J.K. Rowling's ex-husband Jorge Arantes admits to slapping her, denies prolonged abuse

J.K. Rowling’s ex-husband, Jorge Arantes, is speaking out after the “Harry Potter” author revealed she was in a “violent” marriage while defending her stance on the transgender community.

The author, 54, responded to accusations of transphobia with a lengthy essay explaining her stance on the matter. In it, she revealed that she is both a domestic abuse and a sexual assault survivor. Although she did not name her attacker in either case, Arantes spoke with The Sun and admitted to slapping her. He denied there was regular abuse in their relationship, however.

“I slapped Joanne — but there was not sustained abuse. I’m not sorry for slapping her,” he told the outlet from his mother’s home in Porto, Portugal.

HOW IS CORONAVIRUS TRANSMITTED?

Arantes previously admitted to slapping Rowling the night she left him.

J.K. Rowling's ex-husband spoke out about her recent essay about him.

J.K. Rowling's ex-husband spoke out about her recent essay about him. (Reuters)

“Yes. It is true I slapped her,” he again admitted in his most recent interview when asked about the incident. “But I didn’t abuse her.”

Rowling and Arantes were married from 1992 to 1995. They share daughter Jessica Isabel Rowling Arantes, who was born in 1993. In 2001, the author remarried, this time to Neil Murray, who is mentioned in her essay.

“I managed to escape my first violent marriage with some difficulty, but I’m now married to a truly good and principled man, safe and secure in ways I never in a million years expected to be,” Rowling wrote.

She added: “However, the scars left by violence and sexual assault don’t disappear, no matter how loved you are, and no matter how much money you’ve made.”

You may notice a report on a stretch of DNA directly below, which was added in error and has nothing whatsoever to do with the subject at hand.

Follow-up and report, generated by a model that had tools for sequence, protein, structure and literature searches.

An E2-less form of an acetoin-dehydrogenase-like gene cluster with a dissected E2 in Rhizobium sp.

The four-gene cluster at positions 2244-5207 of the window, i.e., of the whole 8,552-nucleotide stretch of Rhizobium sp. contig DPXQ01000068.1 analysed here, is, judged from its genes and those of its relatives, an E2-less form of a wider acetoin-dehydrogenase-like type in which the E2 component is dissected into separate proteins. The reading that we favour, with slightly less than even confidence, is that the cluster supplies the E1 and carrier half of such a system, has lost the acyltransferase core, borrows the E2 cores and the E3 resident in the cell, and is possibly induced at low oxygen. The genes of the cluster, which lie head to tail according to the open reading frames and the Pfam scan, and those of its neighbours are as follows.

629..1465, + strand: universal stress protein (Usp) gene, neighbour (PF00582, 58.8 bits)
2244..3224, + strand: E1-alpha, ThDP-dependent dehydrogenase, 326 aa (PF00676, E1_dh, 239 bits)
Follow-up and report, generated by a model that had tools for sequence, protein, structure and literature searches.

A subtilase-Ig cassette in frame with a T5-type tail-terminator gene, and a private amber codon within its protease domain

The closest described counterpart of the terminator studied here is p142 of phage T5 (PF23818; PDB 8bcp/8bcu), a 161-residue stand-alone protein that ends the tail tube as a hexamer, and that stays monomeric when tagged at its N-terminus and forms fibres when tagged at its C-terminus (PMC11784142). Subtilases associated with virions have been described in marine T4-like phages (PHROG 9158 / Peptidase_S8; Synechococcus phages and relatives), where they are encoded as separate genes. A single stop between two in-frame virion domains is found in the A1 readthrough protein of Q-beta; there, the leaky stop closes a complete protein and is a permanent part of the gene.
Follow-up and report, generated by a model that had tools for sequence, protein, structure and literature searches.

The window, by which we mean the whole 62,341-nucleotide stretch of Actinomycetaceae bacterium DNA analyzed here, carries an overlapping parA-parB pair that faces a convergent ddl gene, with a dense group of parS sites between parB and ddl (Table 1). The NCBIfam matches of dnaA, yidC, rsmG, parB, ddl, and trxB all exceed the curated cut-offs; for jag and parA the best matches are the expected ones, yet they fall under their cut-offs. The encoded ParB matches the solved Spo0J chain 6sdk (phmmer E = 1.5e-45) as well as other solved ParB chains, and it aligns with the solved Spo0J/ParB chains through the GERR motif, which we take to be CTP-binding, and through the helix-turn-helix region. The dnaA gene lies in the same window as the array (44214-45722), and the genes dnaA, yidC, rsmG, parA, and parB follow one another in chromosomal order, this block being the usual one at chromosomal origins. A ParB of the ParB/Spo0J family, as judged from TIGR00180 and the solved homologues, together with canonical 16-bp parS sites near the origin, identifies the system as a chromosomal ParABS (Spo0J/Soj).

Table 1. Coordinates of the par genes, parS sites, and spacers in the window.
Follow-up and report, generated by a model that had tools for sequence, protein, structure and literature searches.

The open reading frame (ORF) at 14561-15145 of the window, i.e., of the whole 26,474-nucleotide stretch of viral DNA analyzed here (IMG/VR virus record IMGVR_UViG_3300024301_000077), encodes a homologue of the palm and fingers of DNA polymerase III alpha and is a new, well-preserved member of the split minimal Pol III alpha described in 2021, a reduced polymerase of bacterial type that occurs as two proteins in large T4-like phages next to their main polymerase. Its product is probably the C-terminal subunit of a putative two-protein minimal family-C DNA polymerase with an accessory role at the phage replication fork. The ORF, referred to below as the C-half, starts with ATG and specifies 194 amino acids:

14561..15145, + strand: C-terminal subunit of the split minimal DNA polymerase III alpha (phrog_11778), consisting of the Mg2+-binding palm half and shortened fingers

HOW DID THE CORONAVIRUS OUTBREAK START?

Despite their relationship being under the microscope after Rowling’s essay was published Wednesday, Arantes told The Sun that he hasn’t bothered to read what his ex-wife wrote about him.

In the essay, Rowling explained that she never came forward with her stories because “they’re traumatic to revisit and remember," but she also made sure to note that in no way is she ashamed of what happened to her.

"I’ve been in the public eye now for over 20 years and have never talked publicly about being a domestic abuse and sexual assault survivor," she said. "This isn’t because I’m ashamed those things happened to me, but because they’re traumatic to revisit and remember.

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"I also feel protective of my daughter from my first marriage," Rowling continued. "I didn’t want to claim sole ownership of a story that belongs to her, too. However, a short while ago, I asked her how she’d feel if I were publicly honest about that part of my life, ana she encouraged me to go ahead."